Deal would allow First Baptist to purchase downtown YMCA - wistv.com - Columbia, South Carolina |

Deal would allow First Baptist to purchase downtown YMCA

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COLUMBIA, SC (WIS) -

It has been a downtown Columbia landmark for more than a century, but it appears the YMCA building on Sumter Street will change hands within the next few months.

The building is up for sale and Columbia's First Baptist Church is looking to buy. The deal is on and could be completed within the next couple of months, but that does not mean the downtown Y is closing right away.

The Downtown Y sits on a block in which every other space is controlled or occupied by First Baptist Church. The church's pastor, Dr. Wendell Estes, says First Baptist was making plans to construct another new building when the Y decided to sell.

"We were in the process of planning to build a new building that would be on the Sumter and Washington border and that was going to be used for student needs, college needs and so forth," Estep says. "And so we were in the process of doing that when we were approached concerning the Y."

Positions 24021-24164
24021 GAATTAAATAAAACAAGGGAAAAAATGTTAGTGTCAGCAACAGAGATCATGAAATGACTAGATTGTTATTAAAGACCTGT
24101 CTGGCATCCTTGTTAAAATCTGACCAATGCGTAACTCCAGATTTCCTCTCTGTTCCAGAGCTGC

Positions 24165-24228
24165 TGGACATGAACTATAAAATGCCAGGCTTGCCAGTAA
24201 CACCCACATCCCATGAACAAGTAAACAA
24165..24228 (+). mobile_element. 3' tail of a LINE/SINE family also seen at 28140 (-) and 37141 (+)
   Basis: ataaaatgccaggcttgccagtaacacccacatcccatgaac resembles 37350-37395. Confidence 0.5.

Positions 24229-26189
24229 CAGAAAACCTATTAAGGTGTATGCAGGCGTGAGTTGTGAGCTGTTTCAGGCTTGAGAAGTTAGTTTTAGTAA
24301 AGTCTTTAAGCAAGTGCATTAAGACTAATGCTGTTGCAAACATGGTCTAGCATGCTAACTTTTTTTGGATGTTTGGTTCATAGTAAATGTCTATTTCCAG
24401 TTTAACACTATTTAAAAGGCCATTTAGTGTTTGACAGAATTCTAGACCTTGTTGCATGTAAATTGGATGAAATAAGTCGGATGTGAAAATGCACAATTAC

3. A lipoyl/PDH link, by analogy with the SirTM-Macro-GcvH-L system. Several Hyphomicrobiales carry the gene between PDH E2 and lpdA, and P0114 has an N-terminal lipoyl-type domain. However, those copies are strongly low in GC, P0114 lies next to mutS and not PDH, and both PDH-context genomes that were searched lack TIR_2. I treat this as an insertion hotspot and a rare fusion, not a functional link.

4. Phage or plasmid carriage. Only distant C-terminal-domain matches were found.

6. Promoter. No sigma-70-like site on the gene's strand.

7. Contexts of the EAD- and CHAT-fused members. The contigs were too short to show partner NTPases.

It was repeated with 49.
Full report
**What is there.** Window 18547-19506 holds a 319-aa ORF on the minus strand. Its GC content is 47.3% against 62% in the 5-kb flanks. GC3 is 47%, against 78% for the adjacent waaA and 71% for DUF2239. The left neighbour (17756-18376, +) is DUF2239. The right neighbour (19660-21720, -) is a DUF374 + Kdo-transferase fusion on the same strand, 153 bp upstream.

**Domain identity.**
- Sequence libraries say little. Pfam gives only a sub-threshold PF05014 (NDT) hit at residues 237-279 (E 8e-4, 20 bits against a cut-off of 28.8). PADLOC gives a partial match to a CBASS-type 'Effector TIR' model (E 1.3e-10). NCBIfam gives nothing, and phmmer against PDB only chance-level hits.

The Y and the church are now working out an agreement.

YMCA spokesman Brian Madden tells us the organization is adamant about continuing to have a presence in downtown Columbia. He says the Y does not have a specific new location in mind right now.

The Y would not move out of the Sumter Street building for as much as another year and a half.

Some Y  members only found out about the deal within the last few days and some are not terribly happy about it.

"The members and camaraderie that's been established in this gym I definitely think there would be some you know upset clients and be some protesting going on with what everybody has experienced in the past," YMCA member Baxter Smith says.

However some members see it a sign of the times.

"This is a historic building and when you go in there and walk down the hall and there's pictures and bond issues from 1905, I mean it's a historic place and it gives you a sense of place," YMCA member Palmer Freeman says. "But things have got to move on. Columbia High School is not here anymore and you know, everything changes."

The organization is promising to stay in the downtown area, in fact the director says there is "No doubt in the world about that."

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